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The Cordillera had been under modified general community quarantine over the past eight months because of continued prevalence of Corona Virus Disease (COVID) 2019, but Baguio City and Benguet have recently recorded high prevalence of the deadly virus. Supposedly, the region was on its way to be one of the areas that will be declared under new normal status effective February 1, 2021. However, such declaration is a virtual reversal to the recent decision of the inter-agency task force for the management of emerging infectious diseases placing the region under general community quarantine or notch lower from its current status. This is due to the surge in the number of cases in most areas, coupled with the emerging threat of the new variant, and the lack of discipline among people in complying with the prevailing basic health and safety protocols.
Truly, people are now realizing that COVID-19 in our midst is real as shown by the sudden surge in cases in Kalinga and Mountain Province over the past several weeks is indicative of complacency among us in our adherence to the prescribed health protocols. Concerned government agencies and local governments had been constantly reminding us on the need to comply with the established protocols such as the mandatory wearing of face masks, and face shields, the observance of physical distancing, and the practice of personal hygiene and sanitation which had been proven by health experts to be our most potent weapon to prevent us from contracting the dreaded illness that might compromise our health condition.
However, observers noted that some people who are now desperate on looking for income to for their sustenance seem to have forgotten to observe the protocols, while some have been seen loitering around without the necessary personal protective equipment, such as face masks and shields. To ensure the compliance of the people to the aforesaid protocols, local governments were mandated to enact ordinances to impose stiff penalties against violators but despite the presence of such measures, there are still a good number of individuals who have to be reminded by law enforcers to comply with the health and safety measures.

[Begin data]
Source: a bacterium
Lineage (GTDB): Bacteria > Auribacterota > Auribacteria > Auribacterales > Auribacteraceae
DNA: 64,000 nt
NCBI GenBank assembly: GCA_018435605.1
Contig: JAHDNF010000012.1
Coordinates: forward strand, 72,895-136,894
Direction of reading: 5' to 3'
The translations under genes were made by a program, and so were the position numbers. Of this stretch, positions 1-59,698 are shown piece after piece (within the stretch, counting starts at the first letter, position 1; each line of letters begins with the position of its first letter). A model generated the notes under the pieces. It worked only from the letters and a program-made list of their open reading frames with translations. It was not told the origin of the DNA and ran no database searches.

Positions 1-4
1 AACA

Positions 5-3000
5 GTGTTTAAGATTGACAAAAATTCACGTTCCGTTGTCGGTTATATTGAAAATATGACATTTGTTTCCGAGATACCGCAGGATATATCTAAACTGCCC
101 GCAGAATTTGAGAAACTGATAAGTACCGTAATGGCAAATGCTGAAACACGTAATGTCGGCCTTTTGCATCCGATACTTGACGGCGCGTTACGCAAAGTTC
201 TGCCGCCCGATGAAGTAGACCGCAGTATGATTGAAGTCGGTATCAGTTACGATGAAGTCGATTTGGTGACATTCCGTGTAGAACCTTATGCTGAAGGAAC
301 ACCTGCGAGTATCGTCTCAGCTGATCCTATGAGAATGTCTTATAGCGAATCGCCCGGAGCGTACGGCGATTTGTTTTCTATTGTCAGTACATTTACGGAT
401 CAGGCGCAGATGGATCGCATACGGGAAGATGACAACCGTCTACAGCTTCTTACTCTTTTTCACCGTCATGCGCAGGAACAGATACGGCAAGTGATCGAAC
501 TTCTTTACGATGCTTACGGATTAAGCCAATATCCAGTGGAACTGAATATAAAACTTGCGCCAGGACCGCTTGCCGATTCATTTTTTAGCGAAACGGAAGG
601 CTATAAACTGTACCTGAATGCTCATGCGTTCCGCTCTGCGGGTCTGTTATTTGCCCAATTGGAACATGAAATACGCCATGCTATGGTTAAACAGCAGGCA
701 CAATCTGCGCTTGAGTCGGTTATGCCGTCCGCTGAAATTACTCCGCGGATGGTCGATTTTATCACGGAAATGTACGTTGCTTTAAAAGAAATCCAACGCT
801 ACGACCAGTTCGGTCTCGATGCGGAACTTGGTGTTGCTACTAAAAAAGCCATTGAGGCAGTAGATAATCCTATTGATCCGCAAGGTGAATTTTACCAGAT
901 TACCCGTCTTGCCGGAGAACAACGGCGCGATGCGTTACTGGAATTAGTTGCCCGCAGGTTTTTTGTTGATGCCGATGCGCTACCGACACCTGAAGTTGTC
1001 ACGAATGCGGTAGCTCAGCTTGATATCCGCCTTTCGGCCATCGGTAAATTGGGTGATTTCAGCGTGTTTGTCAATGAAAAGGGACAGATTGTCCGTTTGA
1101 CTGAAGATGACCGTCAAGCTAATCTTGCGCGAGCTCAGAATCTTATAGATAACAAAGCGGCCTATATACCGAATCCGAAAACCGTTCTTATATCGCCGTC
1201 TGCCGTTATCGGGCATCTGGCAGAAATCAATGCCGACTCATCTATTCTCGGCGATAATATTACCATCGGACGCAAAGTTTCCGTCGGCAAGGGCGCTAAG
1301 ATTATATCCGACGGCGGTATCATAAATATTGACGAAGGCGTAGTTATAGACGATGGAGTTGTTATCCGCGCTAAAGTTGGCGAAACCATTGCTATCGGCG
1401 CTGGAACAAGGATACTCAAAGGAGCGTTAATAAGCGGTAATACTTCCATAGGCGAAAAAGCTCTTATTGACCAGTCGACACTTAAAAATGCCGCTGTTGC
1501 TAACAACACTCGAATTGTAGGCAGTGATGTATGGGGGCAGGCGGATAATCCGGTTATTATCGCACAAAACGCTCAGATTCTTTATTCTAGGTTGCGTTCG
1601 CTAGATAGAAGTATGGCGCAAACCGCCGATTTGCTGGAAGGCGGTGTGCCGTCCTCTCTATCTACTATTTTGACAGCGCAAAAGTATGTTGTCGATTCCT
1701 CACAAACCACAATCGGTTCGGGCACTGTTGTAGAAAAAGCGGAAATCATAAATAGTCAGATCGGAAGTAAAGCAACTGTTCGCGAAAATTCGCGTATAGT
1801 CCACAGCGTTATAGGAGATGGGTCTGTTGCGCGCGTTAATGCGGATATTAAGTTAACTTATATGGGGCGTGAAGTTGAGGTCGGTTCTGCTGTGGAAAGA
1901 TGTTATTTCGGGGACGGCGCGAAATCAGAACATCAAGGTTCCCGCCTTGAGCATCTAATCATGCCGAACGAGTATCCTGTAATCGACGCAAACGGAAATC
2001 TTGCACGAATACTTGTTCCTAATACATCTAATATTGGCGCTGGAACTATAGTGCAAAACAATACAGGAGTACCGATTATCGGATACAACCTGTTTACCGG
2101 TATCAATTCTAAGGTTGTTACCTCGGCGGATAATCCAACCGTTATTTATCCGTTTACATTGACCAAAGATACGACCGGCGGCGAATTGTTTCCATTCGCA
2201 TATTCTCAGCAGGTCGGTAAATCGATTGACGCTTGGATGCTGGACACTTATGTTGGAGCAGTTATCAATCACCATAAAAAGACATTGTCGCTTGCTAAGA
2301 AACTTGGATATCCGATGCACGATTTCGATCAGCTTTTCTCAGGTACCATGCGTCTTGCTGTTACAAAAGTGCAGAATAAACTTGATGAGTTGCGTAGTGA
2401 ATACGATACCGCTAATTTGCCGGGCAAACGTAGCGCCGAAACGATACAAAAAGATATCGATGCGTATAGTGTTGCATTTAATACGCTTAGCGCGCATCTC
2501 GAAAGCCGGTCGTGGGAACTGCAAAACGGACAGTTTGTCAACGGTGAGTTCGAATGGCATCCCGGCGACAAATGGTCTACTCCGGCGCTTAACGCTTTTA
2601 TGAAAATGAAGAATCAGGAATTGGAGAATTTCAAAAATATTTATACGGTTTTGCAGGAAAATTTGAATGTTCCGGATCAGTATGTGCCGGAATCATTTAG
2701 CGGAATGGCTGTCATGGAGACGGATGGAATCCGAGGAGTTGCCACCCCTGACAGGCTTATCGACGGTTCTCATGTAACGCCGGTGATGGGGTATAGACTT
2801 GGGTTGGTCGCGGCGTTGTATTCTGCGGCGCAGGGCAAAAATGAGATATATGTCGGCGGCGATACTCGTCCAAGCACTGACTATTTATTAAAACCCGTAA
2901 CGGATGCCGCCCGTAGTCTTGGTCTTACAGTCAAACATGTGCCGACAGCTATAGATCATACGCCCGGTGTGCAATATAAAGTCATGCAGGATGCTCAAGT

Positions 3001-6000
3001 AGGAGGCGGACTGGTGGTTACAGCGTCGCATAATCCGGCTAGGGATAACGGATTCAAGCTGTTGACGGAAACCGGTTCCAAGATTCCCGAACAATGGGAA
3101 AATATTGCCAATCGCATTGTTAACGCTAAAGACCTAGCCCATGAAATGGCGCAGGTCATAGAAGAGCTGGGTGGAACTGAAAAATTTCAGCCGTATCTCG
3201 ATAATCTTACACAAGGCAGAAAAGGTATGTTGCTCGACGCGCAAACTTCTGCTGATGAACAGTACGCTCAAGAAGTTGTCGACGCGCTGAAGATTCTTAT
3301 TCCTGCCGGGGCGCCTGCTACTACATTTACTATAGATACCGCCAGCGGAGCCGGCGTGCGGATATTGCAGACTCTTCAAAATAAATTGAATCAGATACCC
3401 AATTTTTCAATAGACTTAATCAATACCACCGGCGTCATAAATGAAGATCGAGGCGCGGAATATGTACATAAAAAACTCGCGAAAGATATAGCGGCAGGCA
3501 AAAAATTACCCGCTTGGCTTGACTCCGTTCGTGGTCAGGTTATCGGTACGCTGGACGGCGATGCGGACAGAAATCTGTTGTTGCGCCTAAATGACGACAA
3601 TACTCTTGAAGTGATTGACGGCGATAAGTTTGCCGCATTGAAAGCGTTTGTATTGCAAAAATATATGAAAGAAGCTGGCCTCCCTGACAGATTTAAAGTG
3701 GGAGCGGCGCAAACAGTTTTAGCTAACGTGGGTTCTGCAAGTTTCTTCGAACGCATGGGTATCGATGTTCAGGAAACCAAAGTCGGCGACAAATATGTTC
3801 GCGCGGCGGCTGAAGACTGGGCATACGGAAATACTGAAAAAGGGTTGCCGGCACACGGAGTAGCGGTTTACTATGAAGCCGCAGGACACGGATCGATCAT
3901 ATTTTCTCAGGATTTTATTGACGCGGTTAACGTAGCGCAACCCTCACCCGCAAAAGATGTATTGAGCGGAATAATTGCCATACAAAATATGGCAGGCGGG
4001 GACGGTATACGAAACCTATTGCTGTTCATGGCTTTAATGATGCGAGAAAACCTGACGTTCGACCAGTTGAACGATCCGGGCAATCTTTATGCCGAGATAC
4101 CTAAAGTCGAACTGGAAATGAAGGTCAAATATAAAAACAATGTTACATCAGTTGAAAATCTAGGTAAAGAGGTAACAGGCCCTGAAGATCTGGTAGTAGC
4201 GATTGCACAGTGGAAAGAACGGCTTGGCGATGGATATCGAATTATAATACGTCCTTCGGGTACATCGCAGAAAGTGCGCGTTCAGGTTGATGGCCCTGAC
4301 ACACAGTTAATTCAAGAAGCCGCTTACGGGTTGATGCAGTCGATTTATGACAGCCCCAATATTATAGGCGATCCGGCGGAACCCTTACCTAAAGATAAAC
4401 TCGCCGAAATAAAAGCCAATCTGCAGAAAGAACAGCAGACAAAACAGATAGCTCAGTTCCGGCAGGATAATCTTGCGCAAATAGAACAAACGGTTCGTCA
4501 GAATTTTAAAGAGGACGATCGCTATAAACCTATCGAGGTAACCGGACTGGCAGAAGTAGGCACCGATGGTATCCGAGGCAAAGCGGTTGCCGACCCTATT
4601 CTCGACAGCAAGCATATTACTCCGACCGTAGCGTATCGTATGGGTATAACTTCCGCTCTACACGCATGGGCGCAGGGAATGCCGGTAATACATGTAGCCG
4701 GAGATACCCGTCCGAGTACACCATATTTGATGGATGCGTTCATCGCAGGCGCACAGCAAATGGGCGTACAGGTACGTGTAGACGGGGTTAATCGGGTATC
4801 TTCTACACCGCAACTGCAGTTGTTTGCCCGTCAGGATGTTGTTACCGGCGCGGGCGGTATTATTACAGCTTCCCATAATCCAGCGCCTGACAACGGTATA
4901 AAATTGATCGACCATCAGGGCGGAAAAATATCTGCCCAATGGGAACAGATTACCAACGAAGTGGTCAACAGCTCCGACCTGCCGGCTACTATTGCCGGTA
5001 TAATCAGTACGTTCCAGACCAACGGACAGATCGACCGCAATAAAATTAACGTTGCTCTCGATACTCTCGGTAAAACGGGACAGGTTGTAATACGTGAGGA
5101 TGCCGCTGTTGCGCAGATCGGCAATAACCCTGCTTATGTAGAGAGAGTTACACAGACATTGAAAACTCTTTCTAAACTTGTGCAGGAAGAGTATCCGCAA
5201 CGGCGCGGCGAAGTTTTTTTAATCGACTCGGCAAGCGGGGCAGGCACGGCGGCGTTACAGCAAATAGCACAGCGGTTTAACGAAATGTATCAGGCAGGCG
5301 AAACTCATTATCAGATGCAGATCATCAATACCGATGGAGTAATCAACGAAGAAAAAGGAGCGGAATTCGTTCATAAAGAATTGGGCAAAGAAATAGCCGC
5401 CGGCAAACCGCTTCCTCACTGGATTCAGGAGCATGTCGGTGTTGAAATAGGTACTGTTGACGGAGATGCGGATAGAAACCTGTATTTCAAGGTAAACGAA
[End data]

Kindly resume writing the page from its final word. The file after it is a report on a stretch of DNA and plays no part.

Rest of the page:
The search for jobs and other economic activities to sustain living costs is not a valid ground to violate the established and prescribed health and safety protocols. At the start, we had constantly been reminded that with the absence of medicines and vaccines to cure or make us immune from the virus, the best way for people to survive is to observe the minimum health and safety standards. During the initial stages of the implementation of the community quarantine regulations, people complied to such protocols. However, complacency reared its ugly head as the days passed amidst the loss of livelihoods and income. Some individuals became desperate as their survival looked grim. The clamor for jobs grown due to the heavy impact of the pandemic to people’s sources of livelihood. Some have become defiant and this has caused some of the recent surges in the number of cases around the region.
We have no one to blame in the downgrading of the community quarantine status of the region if not ourselves. We have repeatedly failed to comply with the simple prescribed health and safety protocols. What happened to our region should served as a hard-earned lesson for us. We have to realize that the health authorities were right from the start when they continuously issued public advisories for us to adhere to health and safety protocols. The government might have done its part of the equation but we were not able to assume and execute our obligations. The surges in the number of cases are not fiction. Now we have to contend with the new variant of the virus in an unexpected area of the region such as in Bontoc, Mountain Province and La Trinidad, Benguet.
The downgrading of the region’s community quarantine status should now serve as a wakeup call for us to reflect on our belief that we are okay even if we do not observe the minimum protocols. Do we want our region to be brought back to the such stricter modified enhanced community quarantine? We gained headway in our economic activities since the declaration of the Luzonwide lockdown in March but such gains should not serve as our ticket to even minimally violate the established health and safety protocols. Let us the use the lessons that we have learned to advance our efforts to recover from the pandemic. Let us not waste the sacrifices that we had made over the past ten months because it will further ruin our desire to recover and bring back the vibrance of our economy. Indeed, it is difficult to balance health and economy but what gain do we get if we get contact COVID-19?